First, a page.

Traditional tillage (TT) in woody crops in the Mediterranean environment is a paradigmatic example of the eﬀect of unsustainable management on soil degradation due to erosion and the loss of organic carbon (SOC), nutrients, and biodiversity. The use of cover crops (CC) increases the SOC and produces a cascade of beneﬁts in soil structure, water storage, or biodiversity. However, in semi-arid areas, farmers are reluctant to use CC. To involve them, research must clearly highlight the current state of degradation of soils in woody crops and the feasibility, with pros and cons, of CC as a sustainable management practice.
This project is based on four pillars:
Deepen the knowledge of agro-ecosystem functions in woody crops with TT and CC. For this purpose, farms with soils managed by diﬀerent practices will be used to test the following functions: Carbon sequestration will be carried out with an innovative approach, considering the source and dynamics of SOM, inferred by 13C and 14C analysis. This approach will reveal the age of SOC at diﬀerent soil depths, providing important insights into C sequestration eﬃciency. The stability of SOM will be inferred by visible spectroscopy analysis for determining the aromaticity of the degree of maturation.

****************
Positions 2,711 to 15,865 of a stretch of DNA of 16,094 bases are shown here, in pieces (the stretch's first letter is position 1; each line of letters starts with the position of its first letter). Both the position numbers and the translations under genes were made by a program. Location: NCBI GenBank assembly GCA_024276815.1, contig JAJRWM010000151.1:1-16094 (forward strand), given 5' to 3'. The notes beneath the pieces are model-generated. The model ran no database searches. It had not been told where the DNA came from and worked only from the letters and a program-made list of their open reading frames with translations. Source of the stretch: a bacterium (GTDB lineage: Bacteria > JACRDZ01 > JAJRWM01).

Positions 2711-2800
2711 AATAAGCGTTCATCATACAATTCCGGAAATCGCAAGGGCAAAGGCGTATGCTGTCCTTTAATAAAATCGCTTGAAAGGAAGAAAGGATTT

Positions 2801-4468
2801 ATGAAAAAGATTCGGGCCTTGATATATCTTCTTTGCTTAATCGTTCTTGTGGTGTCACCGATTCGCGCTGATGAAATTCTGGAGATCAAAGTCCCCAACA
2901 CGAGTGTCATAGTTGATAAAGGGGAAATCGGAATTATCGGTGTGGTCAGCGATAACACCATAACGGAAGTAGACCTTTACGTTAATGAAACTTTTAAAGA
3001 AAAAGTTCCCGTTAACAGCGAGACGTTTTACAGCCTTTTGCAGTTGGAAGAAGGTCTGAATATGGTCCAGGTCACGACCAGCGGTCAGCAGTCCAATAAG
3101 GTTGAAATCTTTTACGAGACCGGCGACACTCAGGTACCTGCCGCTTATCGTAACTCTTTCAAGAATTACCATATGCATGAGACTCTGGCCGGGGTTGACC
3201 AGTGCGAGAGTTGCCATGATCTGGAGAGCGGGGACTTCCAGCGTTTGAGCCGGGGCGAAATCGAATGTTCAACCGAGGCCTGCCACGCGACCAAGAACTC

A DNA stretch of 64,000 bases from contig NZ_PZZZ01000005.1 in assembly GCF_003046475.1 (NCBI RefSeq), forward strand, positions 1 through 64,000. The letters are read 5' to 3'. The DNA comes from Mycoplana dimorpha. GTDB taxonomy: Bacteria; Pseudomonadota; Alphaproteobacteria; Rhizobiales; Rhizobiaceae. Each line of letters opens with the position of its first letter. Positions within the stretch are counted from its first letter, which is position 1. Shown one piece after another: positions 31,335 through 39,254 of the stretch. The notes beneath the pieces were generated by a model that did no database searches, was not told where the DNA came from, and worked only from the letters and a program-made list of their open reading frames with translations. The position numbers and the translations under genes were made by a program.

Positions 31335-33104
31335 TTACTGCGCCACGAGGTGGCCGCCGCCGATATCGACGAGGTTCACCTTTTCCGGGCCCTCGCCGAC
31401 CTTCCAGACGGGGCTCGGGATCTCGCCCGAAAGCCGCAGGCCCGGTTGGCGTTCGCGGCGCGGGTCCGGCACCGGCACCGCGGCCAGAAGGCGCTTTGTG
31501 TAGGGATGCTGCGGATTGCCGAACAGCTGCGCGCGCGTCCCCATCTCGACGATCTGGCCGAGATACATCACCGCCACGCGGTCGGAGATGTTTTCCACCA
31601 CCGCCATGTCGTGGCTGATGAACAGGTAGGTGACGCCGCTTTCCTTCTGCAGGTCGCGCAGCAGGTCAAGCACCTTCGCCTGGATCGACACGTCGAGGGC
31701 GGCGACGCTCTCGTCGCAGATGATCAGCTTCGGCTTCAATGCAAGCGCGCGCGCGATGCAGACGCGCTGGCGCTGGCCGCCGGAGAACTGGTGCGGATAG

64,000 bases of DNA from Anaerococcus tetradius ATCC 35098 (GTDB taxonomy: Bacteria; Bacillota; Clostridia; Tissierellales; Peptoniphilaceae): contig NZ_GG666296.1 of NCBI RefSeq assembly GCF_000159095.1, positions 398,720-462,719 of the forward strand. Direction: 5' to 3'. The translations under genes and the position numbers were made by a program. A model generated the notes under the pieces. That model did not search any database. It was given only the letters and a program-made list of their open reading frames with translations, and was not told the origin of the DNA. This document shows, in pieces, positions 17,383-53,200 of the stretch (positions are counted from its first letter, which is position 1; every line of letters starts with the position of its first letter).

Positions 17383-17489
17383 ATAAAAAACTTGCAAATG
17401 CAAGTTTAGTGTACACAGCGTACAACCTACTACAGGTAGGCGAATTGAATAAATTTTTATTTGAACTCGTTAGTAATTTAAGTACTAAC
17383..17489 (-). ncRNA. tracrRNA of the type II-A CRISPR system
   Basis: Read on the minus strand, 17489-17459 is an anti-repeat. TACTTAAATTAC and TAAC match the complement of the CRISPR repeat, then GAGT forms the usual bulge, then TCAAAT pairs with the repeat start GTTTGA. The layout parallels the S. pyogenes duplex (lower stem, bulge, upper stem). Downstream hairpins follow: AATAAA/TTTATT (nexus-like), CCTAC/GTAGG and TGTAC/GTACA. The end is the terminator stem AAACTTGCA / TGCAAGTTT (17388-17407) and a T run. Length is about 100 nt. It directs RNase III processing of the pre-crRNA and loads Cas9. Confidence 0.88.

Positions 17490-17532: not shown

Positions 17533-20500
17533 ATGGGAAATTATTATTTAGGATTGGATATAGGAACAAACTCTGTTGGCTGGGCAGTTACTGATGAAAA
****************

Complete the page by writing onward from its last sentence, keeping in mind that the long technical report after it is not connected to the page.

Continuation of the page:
Microbiological activity plays a crucial role in C dynamics. It is related to ecosystem services such as gene pool (provisioning) and nutrient cycling (supporting). The eﬀects of agronomic practices have received very little attention in this regard. β-glucosidase activity, linked to fungi and bacteria, will be used for this purpose.
The water content changes (regulating services), the most important reason for rejecting the use of CC, will be considered, studying the eﬀects of CC on soil moisture, and water status in vines and olive trees.
Yield in vineyards and olive trees (provisioning services) with and without CC will be measured.
A global perspective of ecosystem services provided by CC will be obtained by the identiﬁcation and quantiﬁcation of the ecosystem services indicators and the development of a composite indicator through a fuzzy logic procedure.
Improving Remote sensing tools by considering disturbing factors that have been found to aﬀect the spectral response (texture, roughness, iron oxide compounds). This research will help to reduce the uncertainty of SOC and water content predicted by models obtained with satellite imagery. Monitoring soil conditions will be performed in 30 to 40 active farms including ﬁeld sampling campaigns and Sentinel-2 acquisitions. Normalized spectral indices; geostatistical methods; regression model approaches, and thermal and radar backscattering models will be used.
Temporal modeling to describe future scenarios of doing business as usual will be done using the STICS (SimulateurmulTIdisciplinaire pour les Cultures Standard) model, although requiring many parameters it has already been tested under diﬀerent climates and managements. Experimental farms will provide information for modeling.
Strong emphasis will be placed on raising awareness and encouraging its adoption. Over the project, a high-quality video documentary will be produced to be disseminated on diﬀerent platforms and TV channels in diﬀerent languages. Sampling, results, and opinions of farmers and researchers will be gathered. The potential and limitations of CC in semi-arid areas will be revealed.